Exploring Tourism in Guatemala
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Huehuetenango, Guatemala

Zaculeu or Saqulew is a pre-Columbian Maya archaeological site in the highlands of western Guatemala, about 3.7 kilometres (2.3 mi) outside of the modern city of Huehuetenango. Occupation at the site dates to the Early Classic period (AD 250–600) of Mesoamerican history. Zaculeu was the capital of the Postclassic Mam kingdom, and was conquered by the K'iche' Kingdom of Q'umarkaj. It displays a mixture of Mam and K'iche' style architecture.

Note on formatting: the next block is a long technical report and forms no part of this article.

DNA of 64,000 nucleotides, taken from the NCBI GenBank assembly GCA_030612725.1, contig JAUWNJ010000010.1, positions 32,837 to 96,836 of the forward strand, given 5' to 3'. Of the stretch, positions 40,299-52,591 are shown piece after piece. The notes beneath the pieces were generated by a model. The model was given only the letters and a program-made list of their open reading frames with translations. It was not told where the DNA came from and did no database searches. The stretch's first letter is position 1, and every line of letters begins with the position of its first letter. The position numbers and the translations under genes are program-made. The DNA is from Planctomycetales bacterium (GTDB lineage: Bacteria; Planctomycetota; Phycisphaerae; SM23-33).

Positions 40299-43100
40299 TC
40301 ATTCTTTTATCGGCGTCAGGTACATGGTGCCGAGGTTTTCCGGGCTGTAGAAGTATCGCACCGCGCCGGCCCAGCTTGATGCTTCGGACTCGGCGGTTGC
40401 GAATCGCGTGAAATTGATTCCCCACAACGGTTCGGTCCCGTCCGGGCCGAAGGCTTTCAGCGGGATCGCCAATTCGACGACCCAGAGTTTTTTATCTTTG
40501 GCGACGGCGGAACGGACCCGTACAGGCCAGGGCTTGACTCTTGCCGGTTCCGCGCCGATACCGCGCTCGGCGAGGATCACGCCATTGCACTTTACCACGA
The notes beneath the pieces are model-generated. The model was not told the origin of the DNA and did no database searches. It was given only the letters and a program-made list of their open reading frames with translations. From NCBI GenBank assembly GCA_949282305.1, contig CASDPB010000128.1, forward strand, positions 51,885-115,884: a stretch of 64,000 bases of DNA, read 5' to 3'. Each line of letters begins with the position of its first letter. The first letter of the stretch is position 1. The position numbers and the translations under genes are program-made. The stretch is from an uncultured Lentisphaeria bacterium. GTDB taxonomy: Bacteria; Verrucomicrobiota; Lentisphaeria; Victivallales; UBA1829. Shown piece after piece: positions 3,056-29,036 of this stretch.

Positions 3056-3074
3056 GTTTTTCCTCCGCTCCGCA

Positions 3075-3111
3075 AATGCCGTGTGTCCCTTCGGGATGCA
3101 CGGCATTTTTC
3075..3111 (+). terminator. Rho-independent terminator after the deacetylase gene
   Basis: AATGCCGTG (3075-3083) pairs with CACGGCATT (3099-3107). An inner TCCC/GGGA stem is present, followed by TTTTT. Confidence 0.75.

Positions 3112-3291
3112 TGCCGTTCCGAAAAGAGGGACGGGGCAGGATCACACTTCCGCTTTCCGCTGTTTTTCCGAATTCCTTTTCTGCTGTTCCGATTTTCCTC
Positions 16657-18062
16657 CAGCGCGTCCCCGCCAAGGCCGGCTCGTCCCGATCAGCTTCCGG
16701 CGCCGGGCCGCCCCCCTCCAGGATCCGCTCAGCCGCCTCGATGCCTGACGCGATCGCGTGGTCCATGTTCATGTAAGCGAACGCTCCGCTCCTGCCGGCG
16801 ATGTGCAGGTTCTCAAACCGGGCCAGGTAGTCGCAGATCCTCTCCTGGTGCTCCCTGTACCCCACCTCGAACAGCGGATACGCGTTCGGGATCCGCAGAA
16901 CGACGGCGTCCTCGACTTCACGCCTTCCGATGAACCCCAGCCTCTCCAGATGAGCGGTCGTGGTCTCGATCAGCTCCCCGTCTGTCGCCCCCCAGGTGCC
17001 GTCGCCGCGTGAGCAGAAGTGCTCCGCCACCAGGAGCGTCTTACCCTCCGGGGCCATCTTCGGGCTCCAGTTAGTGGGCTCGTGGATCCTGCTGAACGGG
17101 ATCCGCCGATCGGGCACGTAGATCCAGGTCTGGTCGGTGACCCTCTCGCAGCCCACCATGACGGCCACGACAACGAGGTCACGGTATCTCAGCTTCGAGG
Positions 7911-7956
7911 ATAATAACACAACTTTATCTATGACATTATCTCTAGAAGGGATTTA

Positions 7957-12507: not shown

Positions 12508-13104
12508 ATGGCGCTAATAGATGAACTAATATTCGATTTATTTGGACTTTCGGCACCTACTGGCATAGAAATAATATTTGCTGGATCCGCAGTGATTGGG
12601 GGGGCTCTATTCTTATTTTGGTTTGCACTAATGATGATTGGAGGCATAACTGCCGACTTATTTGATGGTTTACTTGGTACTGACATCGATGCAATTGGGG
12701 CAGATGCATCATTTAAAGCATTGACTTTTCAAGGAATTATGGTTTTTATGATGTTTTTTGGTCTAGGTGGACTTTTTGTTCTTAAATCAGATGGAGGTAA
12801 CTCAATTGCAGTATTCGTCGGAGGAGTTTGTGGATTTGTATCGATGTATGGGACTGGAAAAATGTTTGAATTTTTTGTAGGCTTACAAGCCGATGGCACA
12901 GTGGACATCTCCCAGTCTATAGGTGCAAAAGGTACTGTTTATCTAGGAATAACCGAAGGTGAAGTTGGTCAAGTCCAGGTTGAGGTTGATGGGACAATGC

In AD 1525 the city was attacked by Spanish conquistadors under Gonzalo de Alvarado y Contreras during a siege that lasted several months. Kayb'il B'alam, the city's last ruler, finally surrendered to the Spanish due to starvation.

The site contains a number of temple-pyramids with talud-tablero style architecture and double stairways. The pyramids and governmental palaces are grouped around a series of large public plazas. The site also holds a ballcourt for playing the Mesoamerican ballgame. The site was originally fortified with walls.

The site was restored by the United Fruit Company in the late 1940s. It is open to tourists and includes a small museum.

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